The neo-Reformer dominated War is Boring tells a similar tale, citing Sprey. I could go on and on-jets were in a very difficult position in that time period as performance improved so quickly that planes built as first-rate air superiority fighters soon became slow ground attack hand-me-downs, that those jets were nonetheless better for attacking defended targets (their speed made them harder to track and hit), that of course the Army wanted ground support planes and doctrine tailored to its view, and that it’s been sixty-five years since Korea and fifty since Vietnam.

I could also point out that in the Gulf War, air force commander Charles Horner essentially agreed with the Refomers and followed the actual plan reluctantly. Horner had the not-unreasonable concern of the Iraqis attacking into Saudi Arabia while the Coalition buildup was still in its weak, early phase.  Thus, far from being a swashbuckling, deep-strike, blow-up-every-palace fetishist, he actually wanted an army-centric approach focused to holding this hypothetical attack off as much as possible.

But enough of that. Now I want to talk about the CAS Conspiracy. The conspiracy goes like this-the Pentagon Reformer focus on CAS is part of a deliberate “chain the beast” strategy. By taking away the tools of ‘easy’ military intervention-the long-range strike aircraft, the cruise missile, etc.., they can thus further the cause of noninterventionism by tying the hands of the policymakers.

Note that in political terms, I’d actually agree with most of their non-interventionist viewpoints. But the strategy is still a puzzling question. On one hand:

-Effectively all Reformers were/are politically opposed to every military action fought by the United States since the movement’s introduction. They were quiet about it for political reasons (especially in the 1980s, not wanting to appear like reflexive McGovernists).

-Thus the ‘chain the beast’ strategy makes sense given this context-shrink the capabilities of the USAF to prevent and hinder ‘limited’ interventions, while insisting you’re interested in keeping them strong for the unlikely-to-impossible ‘big war’ to avoid a backlash.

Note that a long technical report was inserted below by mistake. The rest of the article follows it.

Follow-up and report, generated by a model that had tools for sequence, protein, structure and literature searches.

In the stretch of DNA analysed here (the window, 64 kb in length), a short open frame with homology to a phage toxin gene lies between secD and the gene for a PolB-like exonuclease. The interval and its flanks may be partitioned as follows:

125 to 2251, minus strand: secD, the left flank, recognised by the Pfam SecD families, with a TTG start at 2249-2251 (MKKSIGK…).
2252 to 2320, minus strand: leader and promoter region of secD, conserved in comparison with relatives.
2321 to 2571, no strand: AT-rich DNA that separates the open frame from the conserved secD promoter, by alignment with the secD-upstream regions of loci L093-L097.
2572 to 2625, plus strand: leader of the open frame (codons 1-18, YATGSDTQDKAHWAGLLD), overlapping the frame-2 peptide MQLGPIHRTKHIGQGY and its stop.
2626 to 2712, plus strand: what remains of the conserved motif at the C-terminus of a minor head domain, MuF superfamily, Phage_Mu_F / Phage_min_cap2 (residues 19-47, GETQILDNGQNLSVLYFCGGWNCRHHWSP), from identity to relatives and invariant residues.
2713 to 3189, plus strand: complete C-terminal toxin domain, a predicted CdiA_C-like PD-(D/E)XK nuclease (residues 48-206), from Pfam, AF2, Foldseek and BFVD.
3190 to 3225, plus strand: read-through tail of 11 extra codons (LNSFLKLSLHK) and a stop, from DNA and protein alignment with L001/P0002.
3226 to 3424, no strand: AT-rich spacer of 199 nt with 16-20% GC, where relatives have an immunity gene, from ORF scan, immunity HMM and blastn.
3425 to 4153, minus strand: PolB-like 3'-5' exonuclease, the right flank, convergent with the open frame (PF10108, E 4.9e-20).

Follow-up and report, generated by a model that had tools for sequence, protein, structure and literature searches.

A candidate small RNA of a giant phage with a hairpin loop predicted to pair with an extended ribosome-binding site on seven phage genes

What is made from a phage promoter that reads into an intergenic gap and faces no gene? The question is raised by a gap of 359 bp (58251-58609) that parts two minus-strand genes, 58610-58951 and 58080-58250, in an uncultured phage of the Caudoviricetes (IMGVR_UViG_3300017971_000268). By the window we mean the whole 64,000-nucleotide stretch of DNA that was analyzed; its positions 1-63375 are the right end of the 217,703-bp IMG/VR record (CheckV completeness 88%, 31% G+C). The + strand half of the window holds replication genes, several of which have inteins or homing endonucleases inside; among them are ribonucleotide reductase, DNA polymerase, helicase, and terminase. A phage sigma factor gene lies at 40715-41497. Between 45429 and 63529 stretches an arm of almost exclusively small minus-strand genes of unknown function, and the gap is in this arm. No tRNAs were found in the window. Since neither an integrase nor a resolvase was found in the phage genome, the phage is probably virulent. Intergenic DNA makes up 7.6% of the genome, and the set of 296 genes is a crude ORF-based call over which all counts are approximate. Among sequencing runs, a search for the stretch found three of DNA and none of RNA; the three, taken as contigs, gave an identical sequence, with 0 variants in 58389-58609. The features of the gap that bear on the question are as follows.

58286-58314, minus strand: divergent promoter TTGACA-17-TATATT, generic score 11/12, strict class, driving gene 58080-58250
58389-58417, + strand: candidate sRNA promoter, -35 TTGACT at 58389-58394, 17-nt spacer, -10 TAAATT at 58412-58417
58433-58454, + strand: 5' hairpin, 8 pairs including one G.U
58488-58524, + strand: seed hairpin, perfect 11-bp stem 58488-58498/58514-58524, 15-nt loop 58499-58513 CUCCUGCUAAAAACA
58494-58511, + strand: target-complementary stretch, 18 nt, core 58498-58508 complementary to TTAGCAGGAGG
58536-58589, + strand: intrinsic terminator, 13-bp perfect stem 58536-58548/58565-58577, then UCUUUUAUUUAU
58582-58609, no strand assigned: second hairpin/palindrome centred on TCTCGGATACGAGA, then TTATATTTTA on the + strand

On the other:

-This implies much more coherence than it appeared they had. The Reform Movement was a loose, vague group based largely around opposition. Even if they had wanted something like this, there’d be doubts about having the skill to do so.

-Correlation is not causation. Pierre Sprey’s obsession with numbers above all else could be driving the push for thousands of cheap aircraft more than any deliberate strategy.

-The very incoherence would prevent such a strategy from being formulated. Some may have preferred it, some may have just been narrow in their views.
What do I think? I’m going with Other-3, that such a theory might have been considered by many, but that the movement was too disorganized to adopt such a concrete goal by itself. Sometimes my thoughts on it change, but it just seems the most right.

Gate First Cour Review

So, the first block of the Gate anime I previously talked about is done. Forget the implausibility of it-how is it from an artistic perspective?

Even given the low standards (I’m not expecting anything beyond a shamelessly nationalist adventure story), it’s-mediocre at best. The biggest problem by far is the very frequent changes in tone. Multiple times within the same episode, the story goes from gory gruesome dark war to silly anime antics to its politics and back again. The latest episode, for instance, starts with dozens being burned to death by a dragon, follows one of the surviving elves as she melodramatically searches for the JSDF to help, has the princess who loves sleazy comics receiving a batch of ‘art books’, and has the JSDF soldiers complaining about how they can’t move to where the dragon is because it’ll just “give the opposition party ammunition”.